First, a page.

When it comes to face mask mandates, 90% isn’t good enough, according to a University of Arizona researcher who’s been sounding the alarm about the rampant spread of COVID-19.

Gov. Doug Ducey has thus far resisted calls for a statewide mask mandate, arguing that existing local requirements, which cover all but 10% of Arizona, are sufficient.

Ducey has promoted mask wearing and authorized an ad campaign encouraging face coverings, but calls for more action on the issue are growing louder as coronavirus cases and hospitalizations surge.

Dr. Joe Gerald, a member of COVID-19 Modeling Team at the University of Arizona, is among those voices.

Gerald told KTAR News 92.3 FM’s Arizona’s Morning News on Tuesday that a statewide mandate would do more than just require masks in public throughout Arizona; it would send a strong message about the severity of the situation.

“It’s clear that Gov. Ducey has been reluctant to make this mandate happen and he faces political pressure from within his own party, and for him to break ranks with his party and to put the state’s interest first, I think, would be an important signal to everyone to take this seriously,” Gerald said.

Democratic leaders such as U.S. Rep. Greg Stanton, Phoenix Mayor Kate Gallego and Superintendent of Public Instruction Kathy Hoffman have been publicly calling for a blanket mask requirement to replace the state’s piecemeal legislation.\

Gerald said personal responsibility comes into play, too.

“We, as individual Arizonans, have a responsibility to protect ourselves and to protect others, and achieving a high level of adherence will be necessary for this to work,” he said. “So it’s not enough just to have the policy; but we as Arizonans have to comply with it.”

Arizona has more COVID-19 cases and hospitalizations now than in mid-June, when Ducey gave local governments permission to enact their own mask mandates.

That was a major shift for Ducey, who otherwise has kept rigid control of the statewide coronavirus response since declaring a public health emergency in March.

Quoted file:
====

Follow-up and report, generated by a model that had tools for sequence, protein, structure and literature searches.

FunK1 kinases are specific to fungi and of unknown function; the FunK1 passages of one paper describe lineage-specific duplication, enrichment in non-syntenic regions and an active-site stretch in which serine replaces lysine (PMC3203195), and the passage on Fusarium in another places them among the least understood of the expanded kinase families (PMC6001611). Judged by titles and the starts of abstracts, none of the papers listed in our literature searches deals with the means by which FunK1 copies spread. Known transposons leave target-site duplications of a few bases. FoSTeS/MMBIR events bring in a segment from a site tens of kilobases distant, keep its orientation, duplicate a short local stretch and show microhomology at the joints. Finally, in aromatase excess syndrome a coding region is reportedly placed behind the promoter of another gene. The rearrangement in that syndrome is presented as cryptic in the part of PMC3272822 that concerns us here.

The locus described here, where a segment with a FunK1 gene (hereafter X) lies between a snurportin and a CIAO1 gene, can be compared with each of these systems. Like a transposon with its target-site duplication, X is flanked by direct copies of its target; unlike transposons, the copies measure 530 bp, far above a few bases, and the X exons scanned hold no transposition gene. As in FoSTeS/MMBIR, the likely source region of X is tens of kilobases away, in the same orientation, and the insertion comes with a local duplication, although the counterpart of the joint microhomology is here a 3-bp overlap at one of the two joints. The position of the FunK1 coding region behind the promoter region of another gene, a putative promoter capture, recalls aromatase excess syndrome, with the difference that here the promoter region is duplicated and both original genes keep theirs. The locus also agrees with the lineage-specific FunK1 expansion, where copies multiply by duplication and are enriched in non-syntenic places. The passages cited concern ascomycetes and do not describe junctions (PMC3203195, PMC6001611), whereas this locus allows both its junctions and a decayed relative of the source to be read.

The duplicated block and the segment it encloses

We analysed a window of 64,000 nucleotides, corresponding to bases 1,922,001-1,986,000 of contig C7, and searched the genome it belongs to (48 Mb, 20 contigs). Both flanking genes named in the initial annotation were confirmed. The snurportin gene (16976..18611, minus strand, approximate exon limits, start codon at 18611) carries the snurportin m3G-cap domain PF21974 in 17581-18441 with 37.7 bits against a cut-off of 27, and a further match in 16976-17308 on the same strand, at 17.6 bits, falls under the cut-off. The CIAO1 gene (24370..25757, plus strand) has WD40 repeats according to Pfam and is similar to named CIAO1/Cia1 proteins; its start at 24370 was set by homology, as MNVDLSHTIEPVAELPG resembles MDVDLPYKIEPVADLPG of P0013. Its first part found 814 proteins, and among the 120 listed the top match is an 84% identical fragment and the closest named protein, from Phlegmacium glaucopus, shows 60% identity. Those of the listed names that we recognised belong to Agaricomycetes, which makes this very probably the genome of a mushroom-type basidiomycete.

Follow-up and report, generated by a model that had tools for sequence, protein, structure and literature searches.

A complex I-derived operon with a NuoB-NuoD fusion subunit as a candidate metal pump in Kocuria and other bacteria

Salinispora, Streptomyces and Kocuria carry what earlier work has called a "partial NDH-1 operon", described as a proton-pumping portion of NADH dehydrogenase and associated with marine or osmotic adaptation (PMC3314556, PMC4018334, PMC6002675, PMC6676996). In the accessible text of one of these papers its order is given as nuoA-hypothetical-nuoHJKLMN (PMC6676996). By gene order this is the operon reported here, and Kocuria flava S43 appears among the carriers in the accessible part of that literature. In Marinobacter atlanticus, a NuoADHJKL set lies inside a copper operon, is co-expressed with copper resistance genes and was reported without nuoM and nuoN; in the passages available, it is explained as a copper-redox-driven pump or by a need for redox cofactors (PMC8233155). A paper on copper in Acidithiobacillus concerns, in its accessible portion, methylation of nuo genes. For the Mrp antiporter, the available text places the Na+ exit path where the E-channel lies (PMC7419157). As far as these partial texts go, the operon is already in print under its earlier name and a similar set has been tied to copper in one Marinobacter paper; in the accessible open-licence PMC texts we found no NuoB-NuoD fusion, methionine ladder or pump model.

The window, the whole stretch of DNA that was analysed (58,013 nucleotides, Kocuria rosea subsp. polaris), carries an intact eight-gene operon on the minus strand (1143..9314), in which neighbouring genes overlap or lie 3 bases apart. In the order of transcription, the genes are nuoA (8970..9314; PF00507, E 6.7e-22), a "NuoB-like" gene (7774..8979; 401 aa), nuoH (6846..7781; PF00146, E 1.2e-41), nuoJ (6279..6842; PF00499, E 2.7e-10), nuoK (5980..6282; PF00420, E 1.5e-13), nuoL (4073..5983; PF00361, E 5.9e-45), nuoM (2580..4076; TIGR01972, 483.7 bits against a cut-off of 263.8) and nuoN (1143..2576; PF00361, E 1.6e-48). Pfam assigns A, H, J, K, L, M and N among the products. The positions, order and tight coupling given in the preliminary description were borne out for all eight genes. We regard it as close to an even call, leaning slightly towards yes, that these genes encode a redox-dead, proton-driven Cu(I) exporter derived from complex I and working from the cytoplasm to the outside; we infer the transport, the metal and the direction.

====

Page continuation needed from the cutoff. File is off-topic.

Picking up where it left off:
Communities in most of the state imposed mandates that varied slightly from city to city and county to county, but some orders have since been lifted or allowed to expire. People throughout the Phoenix area remain under the jurisdiction of Maricopa County’s mandate.

“Nearly 90% of the state is under a local mask mandate, and statewide masks are required in restaurants, movie theaters, gyms and more,” Ducey said during a press conference last week.

Arizona, however, remains one of 13 U.S. states without some form of statewide mask requirement.

Gerald’s modeling team would like to see the other 10% covered as part of a series of policy changes, including a shelter-in-place order for three weeks.

Without such moves, Arizona’s hospitals will be completely filled with COVID-19 patients by late December, the team said last week in a letter to the Arizona Department of Health Services.

The letter said a lack of action “would be akin to facing a major forest fire without evacuation orders.”

On Monday, Gerald told KTAR News’ Gaydos and Chad that a “storm is coming” without additional mitigation strategies.

“Something has to be done,” he said. “The only wrong thing to do is nothing, and right now we’re not doing very much.”

Arizona reported a record 10,322 new coronavirus cases with 48 more deaths on Tuesday, putting the state’s totals at 337,139 COVID-19 infections and 6,687 fatalities.

Officials attributed the exceptionally high case total, which more than doubled the previous record, to delays in the process of reviewing and reporting results by local health officials over Thanksgiving weekend.